This report makes recommendations to help ensure that our electricity system is fit for the future.
Our existing infrastructure was designed for a post-war world where homes and businesses were supplied almost exclusively from large fossil fuel generators.
As we modernise and decarbonise our energy system we need to find new ways to manage the network in the most efficient way possible.
This represents a serious challenge and an enormous opportunity. If we get this right, it will provide the efficient, flexible and secure energy infrastructure our country will need to thrive. DECC and Ofgem have already made a start.
Part 2: Smart power
In the coming decades the UK is uniquely placed to benefit from three innovations which could help fire a smart power revolution.
Interconnection - connecting our electricity network to our continental neighbours is already bringing down bills and helping to balance the system. More connections to cheap, green power supplies, such as Norway and Iceland could bring great benefits to the UK. Government should redouble its efforts to open new connections.
Storage - technology is accelerating at a remarkable speed. The UK could become a world leader in making use of these technologies, not through subsidies, but by ensuring that better regulation creates a level playing field between generation and storage.
Demand flexibility - A new generation of hi-tech systems means consumers can save money and cut emissions without inconvenience. Government should ensure the UK’s benefits by improving regulation, informing the public of its benefits and piloting schemes on its own estate.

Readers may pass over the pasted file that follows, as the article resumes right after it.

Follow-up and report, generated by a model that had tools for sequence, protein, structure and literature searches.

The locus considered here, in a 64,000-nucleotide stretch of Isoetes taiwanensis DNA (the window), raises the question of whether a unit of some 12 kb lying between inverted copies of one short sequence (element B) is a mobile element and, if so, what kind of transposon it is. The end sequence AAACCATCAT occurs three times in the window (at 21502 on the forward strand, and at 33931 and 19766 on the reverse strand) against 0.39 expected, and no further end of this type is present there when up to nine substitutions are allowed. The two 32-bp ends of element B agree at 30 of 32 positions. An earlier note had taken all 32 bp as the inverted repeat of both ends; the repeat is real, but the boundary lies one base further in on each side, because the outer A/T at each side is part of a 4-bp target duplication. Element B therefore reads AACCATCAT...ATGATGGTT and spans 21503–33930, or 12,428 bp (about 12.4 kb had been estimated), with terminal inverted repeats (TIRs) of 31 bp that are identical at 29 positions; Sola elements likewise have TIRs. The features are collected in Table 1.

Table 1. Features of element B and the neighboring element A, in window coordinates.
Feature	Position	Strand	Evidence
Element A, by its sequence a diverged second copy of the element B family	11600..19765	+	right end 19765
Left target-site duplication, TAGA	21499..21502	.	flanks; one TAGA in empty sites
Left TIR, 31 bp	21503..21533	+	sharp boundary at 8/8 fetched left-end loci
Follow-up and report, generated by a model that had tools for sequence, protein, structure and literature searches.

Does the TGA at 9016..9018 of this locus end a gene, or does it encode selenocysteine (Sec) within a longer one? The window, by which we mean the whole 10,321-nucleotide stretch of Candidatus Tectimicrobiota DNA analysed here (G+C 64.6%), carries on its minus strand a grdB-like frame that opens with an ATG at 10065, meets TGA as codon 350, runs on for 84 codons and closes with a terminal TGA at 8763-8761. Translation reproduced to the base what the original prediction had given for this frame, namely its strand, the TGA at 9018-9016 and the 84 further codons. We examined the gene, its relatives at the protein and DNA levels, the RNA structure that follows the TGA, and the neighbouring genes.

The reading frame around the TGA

Part 3: Maximising the benefits of a more flexible market
For the smart power revolution to realise its full potential we must ensure that our networks and systems keep up.
This requires more active management of our local electricity networks, a national system operator able to keep up with an increasingly complex system, and a strategic approach to upgrading our network.
The UK is uniquely placed to lead the world in a smart power revolution. Failing to take advantage would be an expensive mistake.
A smart power revolution could save consumers up to £8 billion a year by 2030
Work commissioned from Imperial College London and the University of Cambridge energy policy research group for the Smart power report found that the flexible smart power system recommended by the National Infrastructure Commission could result in savings of up to £8.1 billion a year by 2030.
In summary, one of the key observations from this study is that operational flexibility can significantly reduce the integration cost of intermittent renewables, to the point where their whole-system cost makes them a more attractive expansion option than CCS and/or nuclear.